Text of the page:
ICANN recently announced the availability of new top-level domains (TLDs). So now in addition to .com and .org you can get www.startup or blackfly.chardonny.ironic.
Just imagine: Slashdot.org could become slashdot.dot, making its full pronunciation “eych tee tee pee colon slash slash slash dot dot dot.”
A new TLD can be yours for only $185,000, but get 5% off with promo code “damnthatsalotofmoney05.”
This is the dark side of free market capitalism, and something I hope you as a thoughtful entrepreneur will eschew.
The announcement set me off. It stems from this steaming pile of nonsense from ICANN chairman Peter Thrush:
“Once this is set up, the theory is, or the hope is, this is going to lead to innovation in ways we can’t imagine.”
Really? Innovation? Because I see this as extracting money from ignorant fear and making the world worse for consumers.
First, let’s dig into their reasoning behind this “innovation.” A recent NPR news story makes it clear. They quote Jeff Ernst, principal analyst at Forrester Research and “an expert in marketing strategy,” saying something so inane that it will also convince you that firms like Forrester “Research” have nothing to do with research and everything to do with saying whatever their high-paying clients would like them to say. From the radio report:
Ernst gives an example of what a company like Canon could do. It could acquire dot-Canon, and even the generic dot-camera, and could create photo-sharing Web sites grouped within those domains.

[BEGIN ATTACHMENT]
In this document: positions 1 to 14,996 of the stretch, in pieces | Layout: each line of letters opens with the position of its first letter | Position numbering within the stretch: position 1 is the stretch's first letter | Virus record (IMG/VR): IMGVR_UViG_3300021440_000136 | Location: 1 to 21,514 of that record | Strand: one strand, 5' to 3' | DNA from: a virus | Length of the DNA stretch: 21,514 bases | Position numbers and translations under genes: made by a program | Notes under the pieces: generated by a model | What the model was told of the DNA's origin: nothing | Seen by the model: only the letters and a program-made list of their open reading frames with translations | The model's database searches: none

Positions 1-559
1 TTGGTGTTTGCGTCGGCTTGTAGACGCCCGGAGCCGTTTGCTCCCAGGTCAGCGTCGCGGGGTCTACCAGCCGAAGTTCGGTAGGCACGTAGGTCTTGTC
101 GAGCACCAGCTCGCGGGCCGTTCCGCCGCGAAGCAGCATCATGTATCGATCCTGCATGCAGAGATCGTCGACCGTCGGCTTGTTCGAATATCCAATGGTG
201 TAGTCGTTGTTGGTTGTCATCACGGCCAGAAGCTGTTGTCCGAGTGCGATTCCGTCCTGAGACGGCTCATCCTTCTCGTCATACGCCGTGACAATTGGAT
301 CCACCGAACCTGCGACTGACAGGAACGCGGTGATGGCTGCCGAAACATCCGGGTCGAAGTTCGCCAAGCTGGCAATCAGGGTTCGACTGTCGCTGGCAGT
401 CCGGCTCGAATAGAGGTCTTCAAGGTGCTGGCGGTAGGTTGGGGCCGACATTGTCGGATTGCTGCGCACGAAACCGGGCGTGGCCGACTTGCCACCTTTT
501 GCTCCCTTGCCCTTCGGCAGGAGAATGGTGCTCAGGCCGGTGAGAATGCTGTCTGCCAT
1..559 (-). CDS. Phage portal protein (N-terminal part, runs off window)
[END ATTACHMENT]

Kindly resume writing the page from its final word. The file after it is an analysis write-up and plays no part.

“So not only is Canon now going to be dot-Canon,” he says, “but Canon can now issue secondary domains to every one of its camera owners, and what they might very well do is embed a chip in their cameras that link that camera owner to their ID so that as they’re taking photos they could just be automatically uploading photos to a photo-sharing site. I mean, that’s just one possibility.”
What amazing innovation! Except for one thing: Canon can already do that at canon.com. There is zero innovation in making the URLs be dumbass.canon instead of dumbass.canon.com.
I would argue further that it’s harmful. Today when you want to tell someone a domain you say “asmartbear.com,” and people understand they’re supposed to key that into the little field at the top of a browser window. But if my TLD is just “asmartbear,” what do I say?